Most industrialized nations’ regulatory bodies suggest a 6-month limitation on private driving after the implantation of secondary prevention implanted cardioverter-defibrillator (ICD). The driving limitations caused major annoyance and societal consequences. For a study, researchers sought to determine the prevalence of suitable device therapy in current beneficiaries of a secondary prevention ICD. Between 2016 and 2020, patients with new secondary prevention ICD implants were recruited in the retrospective analysis at three tertiary care facilities.

About 721 individuals were tracked for a median of 760 days (324, 1,190 days). The incidence of recurrent ventricular arrhythmia was greatest (34.4%) during the first three months following device placement and gradually declined (10.6% between 3 and 6 months, 11.7% between 6 and 12 months). The incidence rate per 100 patient-days following ICD implantation was 0.48 (95% CI, 0.35–0.64) at 90 days, 0.28 (95% CI, 0.17–0.45) at 180 days, and 0.21 (95% CI, 0.13–0.33) between 181 and 365 days (P<0.001). The cumulative incidence of arrhythmic syncope resulting in rapid cardiac incapacitation was 1.8% within the first 90 days, then reduced to 0.4% between 91 and 180 days (P<0.001).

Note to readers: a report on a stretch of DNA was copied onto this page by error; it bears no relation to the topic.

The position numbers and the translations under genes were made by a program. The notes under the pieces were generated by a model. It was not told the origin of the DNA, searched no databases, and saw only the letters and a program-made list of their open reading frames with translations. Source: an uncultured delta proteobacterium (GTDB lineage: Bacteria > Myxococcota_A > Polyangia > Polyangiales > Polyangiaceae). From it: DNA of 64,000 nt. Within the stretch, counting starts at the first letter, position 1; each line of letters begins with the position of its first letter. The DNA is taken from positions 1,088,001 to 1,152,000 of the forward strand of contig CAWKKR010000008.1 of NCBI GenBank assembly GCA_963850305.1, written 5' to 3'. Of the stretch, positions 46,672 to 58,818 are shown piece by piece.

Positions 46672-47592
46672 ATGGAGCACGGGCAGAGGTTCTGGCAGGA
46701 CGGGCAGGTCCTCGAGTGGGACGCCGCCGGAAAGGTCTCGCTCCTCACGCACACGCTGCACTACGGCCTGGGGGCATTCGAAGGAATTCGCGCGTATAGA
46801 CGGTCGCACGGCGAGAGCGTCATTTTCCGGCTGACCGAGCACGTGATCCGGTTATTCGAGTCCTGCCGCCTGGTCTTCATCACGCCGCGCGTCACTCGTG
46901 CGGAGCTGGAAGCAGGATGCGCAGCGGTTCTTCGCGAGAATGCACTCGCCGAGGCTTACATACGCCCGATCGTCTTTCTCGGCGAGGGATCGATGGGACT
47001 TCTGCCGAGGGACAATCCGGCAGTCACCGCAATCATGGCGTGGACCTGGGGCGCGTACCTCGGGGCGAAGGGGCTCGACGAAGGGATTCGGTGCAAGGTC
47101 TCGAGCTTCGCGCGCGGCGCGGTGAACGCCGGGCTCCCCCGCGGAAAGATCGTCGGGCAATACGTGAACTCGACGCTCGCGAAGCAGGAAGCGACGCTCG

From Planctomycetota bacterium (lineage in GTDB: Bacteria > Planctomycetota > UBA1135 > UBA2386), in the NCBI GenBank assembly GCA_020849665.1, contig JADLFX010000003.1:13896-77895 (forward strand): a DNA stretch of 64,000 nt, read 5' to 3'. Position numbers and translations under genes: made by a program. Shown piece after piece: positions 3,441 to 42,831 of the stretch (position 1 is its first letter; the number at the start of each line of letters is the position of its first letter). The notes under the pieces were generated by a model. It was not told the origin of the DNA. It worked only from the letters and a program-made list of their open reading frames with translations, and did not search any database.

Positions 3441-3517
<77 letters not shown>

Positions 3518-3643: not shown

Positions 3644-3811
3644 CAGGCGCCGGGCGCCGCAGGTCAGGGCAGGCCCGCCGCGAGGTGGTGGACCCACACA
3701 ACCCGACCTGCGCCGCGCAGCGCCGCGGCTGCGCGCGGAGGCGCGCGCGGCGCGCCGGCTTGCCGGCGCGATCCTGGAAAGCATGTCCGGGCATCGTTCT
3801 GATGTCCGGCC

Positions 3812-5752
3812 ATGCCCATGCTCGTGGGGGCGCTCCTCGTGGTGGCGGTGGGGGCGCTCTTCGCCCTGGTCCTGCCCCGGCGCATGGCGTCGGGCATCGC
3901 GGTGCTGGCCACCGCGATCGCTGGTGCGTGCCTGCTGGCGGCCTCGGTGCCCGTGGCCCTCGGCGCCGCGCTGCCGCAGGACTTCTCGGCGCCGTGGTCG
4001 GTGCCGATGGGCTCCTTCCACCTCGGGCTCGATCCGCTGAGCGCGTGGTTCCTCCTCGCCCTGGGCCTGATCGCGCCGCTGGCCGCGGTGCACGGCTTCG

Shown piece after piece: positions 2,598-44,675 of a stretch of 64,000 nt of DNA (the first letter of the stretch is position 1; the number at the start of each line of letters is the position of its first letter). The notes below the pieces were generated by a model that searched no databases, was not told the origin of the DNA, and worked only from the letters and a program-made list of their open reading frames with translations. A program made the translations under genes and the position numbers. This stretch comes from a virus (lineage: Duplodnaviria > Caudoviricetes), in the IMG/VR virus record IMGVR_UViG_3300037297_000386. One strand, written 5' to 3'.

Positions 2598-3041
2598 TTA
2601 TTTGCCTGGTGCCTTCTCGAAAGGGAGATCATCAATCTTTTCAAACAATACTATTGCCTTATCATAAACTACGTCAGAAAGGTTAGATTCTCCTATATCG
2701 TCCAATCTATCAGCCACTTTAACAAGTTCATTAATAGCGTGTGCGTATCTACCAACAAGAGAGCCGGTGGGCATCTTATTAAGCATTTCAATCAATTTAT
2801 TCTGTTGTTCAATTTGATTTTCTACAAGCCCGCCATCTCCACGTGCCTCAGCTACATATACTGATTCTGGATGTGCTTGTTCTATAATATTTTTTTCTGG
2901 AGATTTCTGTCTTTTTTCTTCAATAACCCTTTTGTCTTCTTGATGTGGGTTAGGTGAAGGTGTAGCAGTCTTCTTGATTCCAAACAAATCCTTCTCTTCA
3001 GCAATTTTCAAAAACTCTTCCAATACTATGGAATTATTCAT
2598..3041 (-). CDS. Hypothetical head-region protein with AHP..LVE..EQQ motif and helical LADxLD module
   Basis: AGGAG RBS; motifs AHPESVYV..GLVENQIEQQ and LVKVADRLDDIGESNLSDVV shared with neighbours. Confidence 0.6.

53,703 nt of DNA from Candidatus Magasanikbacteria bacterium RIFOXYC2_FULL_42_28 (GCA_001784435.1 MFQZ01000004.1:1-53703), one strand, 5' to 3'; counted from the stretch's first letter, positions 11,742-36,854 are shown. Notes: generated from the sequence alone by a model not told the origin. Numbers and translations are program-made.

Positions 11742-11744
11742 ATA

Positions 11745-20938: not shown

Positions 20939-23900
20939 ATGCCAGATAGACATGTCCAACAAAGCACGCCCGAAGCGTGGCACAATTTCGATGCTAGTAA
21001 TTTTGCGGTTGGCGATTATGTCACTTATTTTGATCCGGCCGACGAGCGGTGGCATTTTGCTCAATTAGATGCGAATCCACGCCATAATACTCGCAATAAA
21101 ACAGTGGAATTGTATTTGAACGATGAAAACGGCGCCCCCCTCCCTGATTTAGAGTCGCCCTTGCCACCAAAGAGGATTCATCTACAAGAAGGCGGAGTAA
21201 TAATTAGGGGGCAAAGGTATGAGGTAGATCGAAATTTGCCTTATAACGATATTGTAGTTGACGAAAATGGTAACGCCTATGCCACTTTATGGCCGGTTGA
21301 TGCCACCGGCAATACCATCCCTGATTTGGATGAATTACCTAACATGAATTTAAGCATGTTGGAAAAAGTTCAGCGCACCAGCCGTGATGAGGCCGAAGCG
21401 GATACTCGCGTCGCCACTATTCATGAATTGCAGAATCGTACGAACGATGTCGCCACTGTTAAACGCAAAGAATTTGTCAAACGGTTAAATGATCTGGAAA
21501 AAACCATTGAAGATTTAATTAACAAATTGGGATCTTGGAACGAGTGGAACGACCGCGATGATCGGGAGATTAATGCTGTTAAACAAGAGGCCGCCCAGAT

The incidence rate of acceptable treatments leading to abrupt cardiac incapacity in modern receivers of a secondary prevention ICD was substantially lower than previously recorded and decreased dramatically after the first three months. Therefore, driving limitations should be reduced to three months following the index cardiac event, and existing rules should be revised in nations that still use a six-month timeframe. In addition, existing limits on private driving after secondary prevention ICD installation should be revisited.